Pardee said office space could take the form of an accessory dwelling unit, finished garage or extra bedroom but privacy was paramount.
And today’s buyer wants land.
“The trend has definitely changed. Pre-Covid we saw people who were really liking the amazing views and houses with a pool. Today’s buyer still likes having a view but is really looking for land and privacy and security,” Kirman said.
Mills agreed that “total privacy” and homes that were “move-in perfect” were expected by buyers.
One other thing that is now in demand is furnished and curated homes.
“When I started in the business, I sold homes ‘as is’ … today’s seller cannot get away with that,” Kirman said. “The buyers are expecting curated lifestyles, they expect curated furniture and curated art and even curated cars and everything in the middle.”
Williams added that many high-end homes now have designers attached to them who curate the house.
Mills added that due to shipping delays, furniture can take a long time to get, which is part of the reason so many buyers want furnished homes.
Demand for homes is outpacing supply, agents agree, which is leading to an increasingly competitive market.
“It was a very, very intense and exciting year for real estate,” Jones said. “The market was so strong on every price point but particularly, the luxury market was very, very strong – multiple offers on virtually every property and there were more buyers than sellers.”
She added that homes sold quickly and those under construction often sold before they were completed. Some homes, she said, saw as many as 20 offers.
Kramer said he was seeing more bidding wars in the $1 million-to-$2 million price range in particular.
Kirman said it can be difficult for buyers to compete. There are “tons of bidding wars at all price points. If you have a house, whether it’s a good house or a bad house, we’re seeing multiple offers,” he said.
Umansky added that he was seeing buyers “who were determined to buy a house. If they lost a multiple (offers situation) on one, they would move on to another.”
Big sales ahead
Agents see a bright future ahead for residential real estate sales in Los Angeles.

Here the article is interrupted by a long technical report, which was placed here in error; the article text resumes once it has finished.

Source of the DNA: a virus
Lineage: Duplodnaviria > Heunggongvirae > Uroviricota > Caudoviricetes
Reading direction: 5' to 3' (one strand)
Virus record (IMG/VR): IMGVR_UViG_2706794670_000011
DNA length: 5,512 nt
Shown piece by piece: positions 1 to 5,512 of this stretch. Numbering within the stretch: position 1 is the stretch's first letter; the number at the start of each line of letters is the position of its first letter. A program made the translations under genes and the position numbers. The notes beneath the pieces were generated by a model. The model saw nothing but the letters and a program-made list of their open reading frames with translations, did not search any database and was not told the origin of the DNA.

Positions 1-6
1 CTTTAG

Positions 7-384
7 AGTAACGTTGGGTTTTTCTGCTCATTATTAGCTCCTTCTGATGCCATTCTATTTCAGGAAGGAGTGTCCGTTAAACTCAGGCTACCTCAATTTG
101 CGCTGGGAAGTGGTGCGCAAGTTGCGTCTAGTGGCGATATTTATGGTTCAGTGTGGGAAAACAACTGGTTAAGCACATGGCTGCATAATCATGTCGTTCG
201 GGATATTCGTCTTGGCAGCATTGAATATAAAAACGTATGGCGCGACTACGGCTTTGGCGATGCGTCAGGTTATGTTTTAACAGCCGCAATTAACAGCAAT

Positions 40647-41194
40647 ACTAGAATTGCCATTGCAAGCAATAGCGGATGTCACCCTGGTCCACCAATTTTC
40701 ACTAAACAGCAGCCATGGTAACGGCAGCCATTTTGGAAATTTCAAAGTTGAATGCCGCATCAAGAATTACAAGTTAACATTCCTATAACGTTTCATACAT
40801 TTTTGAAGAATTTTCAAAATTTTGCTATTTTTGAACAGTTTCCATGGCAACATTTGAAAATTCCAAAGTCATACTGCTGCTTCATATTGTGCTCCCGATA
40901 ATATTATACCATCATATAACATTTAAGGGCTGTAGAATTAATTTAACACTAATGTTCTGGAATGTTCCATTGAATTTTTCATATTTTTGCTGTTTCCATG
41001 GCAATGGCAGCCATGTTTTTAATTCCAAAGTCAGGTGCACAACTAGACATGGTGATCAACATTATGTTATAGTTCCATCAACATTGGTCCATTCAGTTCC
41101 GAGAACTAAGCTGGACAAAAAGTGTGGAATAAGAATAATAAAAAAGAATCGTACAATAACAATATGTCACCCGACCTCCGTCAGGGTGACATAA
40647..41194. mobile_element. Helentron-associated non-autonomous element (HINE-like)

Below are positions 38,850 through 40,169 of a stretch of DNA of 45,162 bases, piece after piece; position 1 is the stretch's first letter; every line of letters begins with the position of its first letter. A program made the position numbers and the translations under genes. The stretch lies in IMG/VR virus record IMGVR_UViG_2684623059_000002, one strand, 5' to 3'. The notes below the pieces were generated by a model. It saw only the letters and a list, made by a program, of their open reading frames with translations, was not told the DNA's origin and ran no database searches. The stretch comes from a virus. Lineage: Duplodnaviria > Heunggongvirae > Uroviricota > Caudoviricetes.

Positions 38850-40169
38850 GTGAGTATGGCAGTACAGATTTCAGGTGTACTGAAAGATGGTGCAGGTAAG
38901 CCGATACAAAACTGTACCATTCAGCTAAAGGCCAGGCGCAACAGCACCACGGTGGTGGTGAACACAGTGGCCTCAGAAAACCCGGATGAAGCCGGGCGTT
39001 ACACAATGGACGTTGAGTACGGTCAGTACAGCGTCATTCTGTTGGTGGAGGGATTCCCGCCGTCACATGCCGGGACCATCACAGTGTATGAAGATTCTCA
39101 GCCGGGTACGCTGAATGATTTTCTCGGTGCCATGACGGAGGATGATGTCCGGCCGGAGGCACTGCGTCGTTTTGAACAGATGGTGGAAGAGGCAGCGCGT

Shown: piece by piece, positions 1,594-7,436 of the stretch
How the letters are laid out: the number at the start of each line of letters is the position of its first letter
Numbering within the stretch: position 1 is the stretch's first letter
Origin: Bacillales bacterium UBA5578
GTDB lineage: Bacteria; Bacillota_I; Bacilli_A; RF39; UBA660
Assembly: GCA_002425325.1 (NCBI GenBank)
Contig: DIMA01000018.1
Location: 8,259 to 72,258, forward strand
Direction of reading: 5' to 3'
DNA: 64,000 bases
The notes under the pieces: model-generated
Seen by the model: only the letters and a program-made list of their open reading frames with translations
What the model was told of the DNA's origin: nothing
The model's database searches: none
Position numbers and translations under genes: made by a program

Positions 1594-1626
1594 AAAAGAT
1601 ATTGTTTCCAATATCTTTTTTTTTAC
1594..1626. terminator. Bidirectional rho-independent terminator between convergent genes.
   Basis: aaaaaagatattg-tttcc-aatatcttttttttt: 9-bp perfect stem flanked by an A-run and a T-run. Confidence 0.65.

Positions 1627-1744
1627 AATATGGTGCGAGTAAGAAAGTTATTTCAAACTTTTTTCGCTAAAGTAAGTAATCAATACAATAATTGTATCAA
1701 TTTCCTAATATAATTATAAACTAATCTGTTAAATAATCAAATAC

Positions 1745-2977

“I see another year like we had in ’21. I see the market continuing,” Kramer said.
“The market this year has been very, very strong; 2022 has been a continuation of 2021 and I am foreseeing a very strong market,” Jones agreed.
And while rising interest rates may be a concern for some, especially at lower price points, agents are largely unconcerned.
“In the lower markets, you had about 25 buyers for every house,” Umansky said. “Now if you have 12, you still have more buyers than supply.”
Experts agree, however, that it may cause some urgency for buyers looking to quickly close before rates rise again.
“There’s a big push right now before they rise up even more. People are concerned about them going up higher, so there’s still a push to buy,” Pardee said.
And even though interest rates may be rising, they are still low historically.
The bigger concern, experts agree, is uncertainty with what is happening in Russia and Ukraine. It could make some buyers hesitant to spend a lot of money or drive more to park their money in L.A. real estate, which is seen as a safe investment.
And some trophy sales are expected as homes like The Manor are expected to sell this year and The One recently received a closing auction bid of $141 million.
“There’s still a lot of money out there,” Umansky said. “I expect to see quite a few $100 million sales.”
The Manor is listed for a whopping $165 million.
“I honestly feel like The Manor is priced pretty fairly, it’s a huge piece of land and a huge house,” Mills said, adding that she expects a number of high-priced sales this year.
“It has been really busy. It’s hard to keep up,” Mills said of the pace of sales now. “2021 was amazing but I have to say not as amazing as the beginning of this year.”
“Last year was great, but this year’s going to, I hope, double. It’s crazy, everybody wants to buy,” she added.
“There’s a lot of energy in the market. It’s an exciting time to be in Los Angeles and it’s an exciting time in the real estate business. Buyers seem very optimistic as a whole,” she said.